Letter To My 21 Year-Old Self

photo by Erwan Hesry

Forty years ago this month I was preparing to go off on what I thought at the time was the biggest adventure of my life. 

As milestones often do, this has prompted me to reflect on what I would tell my younger self if I could write myself a letter and mail it back in time, given the benefit of hindsight.

Born in England to parents who migrated to Australia when I was five, I grew up in this beautiful country without grandparents to visit on the weekend, or cousins, aunts or uncles to share Christmas with. 

Plenty of my school friends had these relatives, so I knew what I was missing.  The result was that even before I hit my teenage years I had a longing to connect with my country of birth and the many relatives that I knew about from my parent’s stories, letters exchanged and ‘important day’ phone calls shared.

This absence of relatives and longing for England does not mean that I had an unhappy childhood.  Far from it.  But I think what it did was it gave me a goal.  A life goal.  I knew that when I was old enough to travel I would go, and I had a sense of independence that I would go on my terms, not as part of a family holiday.

Fast forward to my 21st year, when I had not only the ticket to go but also a best friend to travel with.  However, the circumstances at that time were not perfect. 

Firstly there were some serious problems in my family that threatened to block my plans to leave home.  Then, with six months to go and savings to bolster, the company I worked for closed down. I had no foreseeable prospects for work and a gaping hole in my planned budget.

Looking back, I don’t ever remember wallowing in self-pity. I was positive that this trip was going to transpire.  I do remember my determination to get another job and to honour both the ticket that I had and the goal that was burning inside of me.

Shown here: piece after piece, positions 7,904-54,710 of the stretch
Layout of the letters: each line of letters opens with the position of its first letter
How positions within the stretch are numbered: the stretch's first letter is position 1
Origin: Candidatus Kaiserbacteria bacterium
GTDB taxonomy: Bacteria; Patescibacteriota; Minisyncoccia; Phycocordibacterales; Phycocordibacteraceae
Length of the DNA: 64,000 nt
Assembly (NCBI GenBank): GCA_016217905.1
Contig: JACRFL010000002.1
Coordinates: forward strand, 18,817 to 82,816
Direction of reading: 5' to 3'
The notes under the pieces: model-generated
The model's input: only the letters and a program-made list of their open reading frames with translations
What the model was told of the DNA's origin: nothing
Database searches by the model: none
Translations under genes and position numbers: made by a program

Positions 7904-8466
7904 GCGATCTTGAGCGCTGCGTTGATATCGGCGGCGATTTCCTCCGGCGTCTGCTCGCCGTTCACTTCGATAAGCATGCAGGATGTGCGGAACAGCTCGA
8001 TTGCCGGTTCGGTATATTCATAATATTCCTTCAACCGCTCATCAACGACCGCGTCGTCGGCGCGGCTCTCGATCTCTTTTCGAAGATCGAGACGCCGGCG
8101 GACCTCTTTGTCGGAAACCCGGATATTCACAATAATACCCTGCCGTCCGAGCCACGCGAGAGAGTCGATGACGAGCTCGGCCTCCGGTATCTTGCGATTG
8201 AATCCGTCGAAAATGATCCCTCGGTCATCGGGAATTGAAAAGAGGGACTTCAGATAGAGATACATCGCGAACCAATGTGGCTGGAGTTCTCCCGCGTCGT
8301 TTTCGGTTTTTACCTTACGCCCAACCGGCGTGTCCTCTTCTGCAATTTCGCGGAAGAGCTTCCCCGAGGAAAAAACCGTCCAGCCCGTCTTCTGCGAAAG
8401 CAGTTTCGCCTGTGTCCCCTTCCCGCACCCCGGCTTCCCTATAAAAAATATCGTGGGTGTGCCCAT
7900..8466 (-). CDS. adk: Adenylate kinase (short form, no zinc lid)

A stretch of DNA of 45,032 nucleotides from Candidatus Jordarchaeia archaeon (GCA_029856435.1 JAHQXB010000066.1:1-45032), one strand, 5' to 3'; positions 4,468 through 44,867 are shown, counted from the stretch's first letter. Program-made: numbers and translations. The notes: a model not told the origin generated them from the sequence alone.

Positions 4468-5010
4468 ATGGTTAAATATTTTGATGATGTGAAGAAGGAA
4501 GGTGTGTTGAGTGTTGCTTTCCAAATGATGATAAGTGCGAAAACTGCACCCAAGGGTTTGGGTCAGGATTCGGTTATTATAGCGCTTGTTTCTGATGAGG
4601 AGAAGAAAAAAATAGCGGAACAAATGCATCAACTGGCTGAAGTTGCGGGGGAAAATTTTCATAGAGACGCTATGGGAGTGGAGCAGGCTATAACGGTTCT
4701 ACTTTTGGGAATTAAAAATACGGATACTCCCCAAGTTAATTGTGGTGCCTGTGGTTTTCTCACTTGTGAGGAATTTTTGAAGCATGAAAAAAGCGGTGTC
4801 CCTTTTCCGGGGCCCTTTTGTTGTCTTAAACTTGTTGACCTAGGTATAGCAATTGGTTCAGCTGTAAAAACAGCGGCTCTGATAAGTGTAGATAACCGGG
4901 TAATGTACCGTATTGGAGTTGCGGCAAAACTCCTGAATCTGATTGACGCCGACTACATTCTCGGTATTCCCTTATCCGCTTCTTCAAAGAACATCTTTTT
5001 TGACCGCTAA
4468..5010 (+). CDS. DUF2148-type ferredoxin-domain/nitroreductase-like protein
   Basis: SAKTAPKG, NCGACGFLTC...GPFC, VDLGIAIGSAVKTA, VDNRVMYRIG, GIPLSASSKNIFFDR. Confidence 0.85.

The prospect of the dream I had carried in my heart for so many years was too strong for any negativity to steal it away.  I did get another job for the six months.  I did save money.  My family did support my strong desire to leave. 

Even a serious car accident coming home from my last day at work, only days before departure, did nothing to get in the way of my goal. 

So what would I write to my 21 year old self today about what she thought was the most exciting adventure of her life? Here is a list of just some of my thoughts.

1. Life itself is a great adventure.  Enjoy each day as if it is the greatest gift you have ever been given.

2. Do not let anyone or any set back destroy your dreams, goals or visions for your life.

3. Just because you have achieved this goal, do not rest on your laurels thinking everything you set out to do will work out how you expect.  Sometimes the universe has a different plan for you.

4. Experiences are worth so much more than possessions, gold, money and ‘stuff’.

5. People and relationships are precious – treat them as such.  But if they are not supporting you, your happiness or your well-being, you may have to love them and let them go.

6. The journey of 12,000 miles will take you to meet the love of your life and the best friend ever that you could share that life with.  Keep your eyes peeled for that person.

7. Life is not always going to be smooth sailing.  You will not move forward if there is no wind in your sails.  You have to be prepared to dance when times are great, and hunker down and look for the lessons when they are not.

8. Learn from your mistakes.  They are part of the school of life.   Do not punish yourself.

9. If you don’t learn some lessons the first time around, they will keep coming and knocking at your door.

10. Focus on the positive more than the negative.

11. Be grateful for the blessings in your life.  If you’re not sure what they are, start to write them down.

12 . If you live in the moment and you are optimistic about your plans for the future, then you will live a long and happy life.

As I flew off in 1979 for a 12 month working holiday, who would have ever guessed it would take me 8 years to return with a husband and two beautiful daughters, and that I would have the platform through which to tell that story today?

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